The popup ads on this site are just becoming ridiculous. I realize Mr. Mangan has to earn a living, but I’m unsubscribing from this site in my RSS reader. The stuff here is interesting, but it’s not worth the annoyance.

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    P. D. Mangan says August 2, 2016

    Popups are set to show only every 7 to 20 days depending on which popup, and they’re not supposed to show to already subscribed visitors, if they subscribed through the SumoMe popup. I guess you consider that excessive, in addition to wanting everything for free. Don’t let the door hit you on your way out.

    Reply
CrispyB says August 2, 2016

However… While I agree with all of this, I have been adding Mark Sissons Low and Slow style training for endurance and it works well. FWIW I am 48.
In a nutshell take 180 and subtract your age, then so long runs never going over that heart rate. You actually see your endurance improve by being able to go faster without the heart rate going up.

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Dave says August 2, 2016

Please define the terms “high intensity,” “low intensity,” “high volume,” “low volume.”

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    Jim Johnson says August 2, 2016

    I’m not an expert (but I did stay at a Holiday Inn Express last night) but I’ve been working with “high intensity” methods for last 5-6 years. I suggest Phil Campbell’s Ready, Set Go! book. He is also interviewed on Mercola’s site a few years ago.
    my take: I go to the track preferably. I sprint 50-60 yards. that takes my heart rate to 160-165. then I walk until my rate goes down to 140, then sprint again. I do this 6-8 times depending on how I feel and outside temp. in winter, I adapt this to bike or treadmill.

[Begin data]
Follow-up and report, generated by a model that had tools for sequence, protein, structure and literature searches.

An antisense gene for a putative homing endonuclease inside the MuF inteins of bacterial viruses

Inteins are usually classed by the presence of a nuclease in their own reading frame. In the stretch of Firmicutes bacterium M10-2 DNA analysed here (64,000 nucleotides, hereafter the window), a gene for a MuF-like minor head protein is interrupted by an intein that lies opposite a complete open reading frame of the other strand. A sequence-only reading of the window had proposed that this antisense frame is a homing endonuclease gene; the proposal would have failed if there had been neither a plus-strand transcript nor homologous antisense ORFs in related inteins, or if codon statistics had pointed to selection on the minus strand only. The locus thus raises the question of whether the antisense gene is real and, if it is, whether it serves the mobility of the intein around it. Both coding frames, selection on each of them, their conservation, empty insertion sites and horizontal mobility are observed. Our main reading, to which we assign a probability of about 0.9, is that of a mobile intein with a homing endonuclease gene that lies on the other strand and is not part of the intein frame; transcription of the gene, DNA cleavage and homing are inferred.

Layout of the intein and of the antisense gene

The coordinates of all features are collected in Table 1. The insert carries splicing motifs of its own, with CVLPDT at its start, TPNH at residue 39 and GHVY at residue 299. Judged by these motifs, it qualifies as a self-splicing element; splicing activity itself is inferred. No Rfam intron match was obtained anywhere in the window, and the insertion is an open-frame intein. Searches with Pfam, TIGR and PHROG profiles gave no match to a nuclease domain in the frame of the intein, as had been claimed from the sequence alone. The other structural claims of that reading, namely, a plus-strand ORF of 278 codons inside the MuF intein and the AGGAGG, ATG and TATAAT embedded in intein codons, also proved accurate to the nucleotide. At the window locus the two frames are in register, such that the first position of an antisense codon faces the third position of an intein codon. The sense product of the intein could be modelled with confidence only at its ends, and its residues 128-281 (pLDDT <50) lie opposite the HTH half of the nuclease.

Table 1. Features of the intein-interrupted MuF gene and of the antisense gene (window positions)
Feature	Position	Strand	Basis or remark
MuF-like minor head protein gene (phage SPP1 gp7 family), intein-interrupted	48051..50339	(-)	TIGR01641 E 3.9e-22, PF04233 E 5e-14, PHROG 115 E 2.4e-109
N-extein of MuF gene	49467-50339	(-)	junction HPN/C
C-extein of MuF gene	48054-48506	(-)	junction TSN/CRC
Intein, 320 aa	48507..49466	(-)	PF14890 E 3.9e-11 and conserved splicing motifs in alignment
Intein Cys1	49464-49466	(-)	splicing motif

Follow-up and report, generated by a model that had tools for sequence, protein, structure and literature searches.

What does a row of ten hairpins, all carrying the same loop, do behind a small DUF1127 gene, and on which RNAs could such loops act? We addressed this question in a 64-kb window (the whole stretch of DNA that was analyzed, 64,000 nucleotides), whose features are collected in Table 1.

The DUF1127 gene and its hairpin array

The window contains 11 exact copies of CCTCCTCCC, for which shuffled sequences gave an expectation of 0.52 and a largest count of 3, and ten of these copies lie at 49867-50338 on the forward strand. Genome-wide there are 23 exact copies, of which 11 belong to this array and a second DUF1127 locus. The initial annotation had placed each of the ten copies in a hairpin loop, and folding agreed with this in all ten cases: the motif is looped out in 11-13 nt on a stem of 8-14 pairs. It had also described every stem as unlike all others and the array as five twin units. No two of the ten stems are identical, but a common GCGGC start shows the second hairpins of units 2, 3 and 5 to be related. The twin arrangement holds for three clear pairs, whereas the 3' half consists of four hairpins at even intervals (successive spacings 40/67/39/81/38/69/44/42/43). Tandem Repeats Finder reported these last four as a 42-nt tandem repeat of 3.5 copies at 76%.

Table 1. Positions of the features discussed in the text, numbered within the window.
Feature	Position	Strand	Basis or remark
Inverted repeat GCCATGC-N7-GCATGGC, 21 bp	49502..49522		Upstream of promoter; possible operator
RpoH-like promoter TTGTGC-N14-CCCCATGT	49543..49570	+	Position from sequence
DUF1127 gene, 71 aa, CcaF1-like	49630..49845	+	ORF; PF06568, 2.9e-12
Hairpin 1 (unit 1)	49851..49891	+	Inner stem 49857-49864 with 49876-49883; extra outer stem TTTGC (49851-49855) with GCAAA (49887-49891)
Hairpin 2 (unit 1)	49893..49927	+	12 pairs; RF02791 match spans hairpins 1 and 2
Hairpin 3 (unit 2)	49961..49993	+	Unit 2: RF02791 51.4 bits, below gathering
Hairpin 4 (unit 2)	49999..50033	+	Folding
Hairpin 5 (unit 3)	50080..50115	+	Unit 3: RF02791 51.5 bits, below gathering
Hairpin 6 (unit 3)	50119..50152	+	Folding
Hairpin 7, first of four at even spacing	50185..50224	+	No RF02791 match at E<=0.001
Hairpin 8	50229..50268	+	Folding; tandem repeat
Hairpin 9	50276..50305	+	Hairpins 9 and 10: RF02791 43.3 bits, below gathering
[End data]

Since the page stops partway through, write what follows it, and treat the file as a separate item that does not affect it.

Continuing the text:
as an alt, I use the stadium steps as they are easier on the knees.

    but to your question: Campbell, Mercola and others define “High intensity” as very winded, can’t go more etc. it is subjective. start sprinting and you’ll figure it out.

    Reply
    P. D. Mangan says August 2, 2016

    See the swimming study I wrote about above. Or go to the original for more commentary on it. Also see my linked posts on high-intensity weight lifting and high-intensity interval training.

    Reply
LawDog says August 2, 2016

P.D., I’ve tried high intensity interval training in the form of CrossFit-type classes, and like them, but I get the effects of overtraining (lower focus, sore joints, etc) even if I am only doing them three times a week. I also do what I’d describe as low intensity running a few time a week, and feel like it helps with increasing my focus. I try to do that three times a week.

I guess my question is about frequency. Could you do, for example, one CrossFit-type class per week and still get the positive effects of that? At most two? Some of the guys do this stuff five days a week, and I just cannot do that, as my work suffers.

Said perhaps another way, could you get the positive effects of high intensity training only doing it once or twice a week?

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    P. D. Mangan says August 3, 2016

    LawDog, I’m glad you asked, good question. The short answer is that 1 or 2 workouts a week, of sufficient intensity, should be enough to keep you in good cardiovascular shape. I base this on the fact that in weightlifting, more than 1/week workouts has never been shown to be more effective in terms of muscle growth than 2 or 3/wk. Obviously, cardiorespiratory elements like VO2max may be different in that way from muscle hypertrophy, but my sense of that is not different by much. (So admittedly some of this is guesswork.)

    I am in total agreement with you about the effects of overtraining, which in my case and in most manifests as fatigue. If you sleep right, eat right, and do everything else right, and you’re still tired, the place to look is frequency of workouts. Currently I do a high-intensity workout once every 4 days, the rest of the time walking or swimming at low intensity.

    Reply
Nick says August 4, 2016

I had to fudge the waistline, since I don’t know what it is (but when I get a tape measure, it’s my belly, not my actual waistline, right?), so I gave it 90cm. Being 51 and 178 cm (I guess), with 2-3 workouts a week going all out, it gave me 50 and age 35. I’ll take it for now.

I just did it again using Oregon instead of Germany as my residence — no difference.

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Why Resting Heart Rate Is Important for Health - Rogue Health and Fitness says August 24, 2016

[…] heart rate (RHR) can be compared to VO2max, in that they both measure a parameter that itself has many facets. RHR measures not just the […]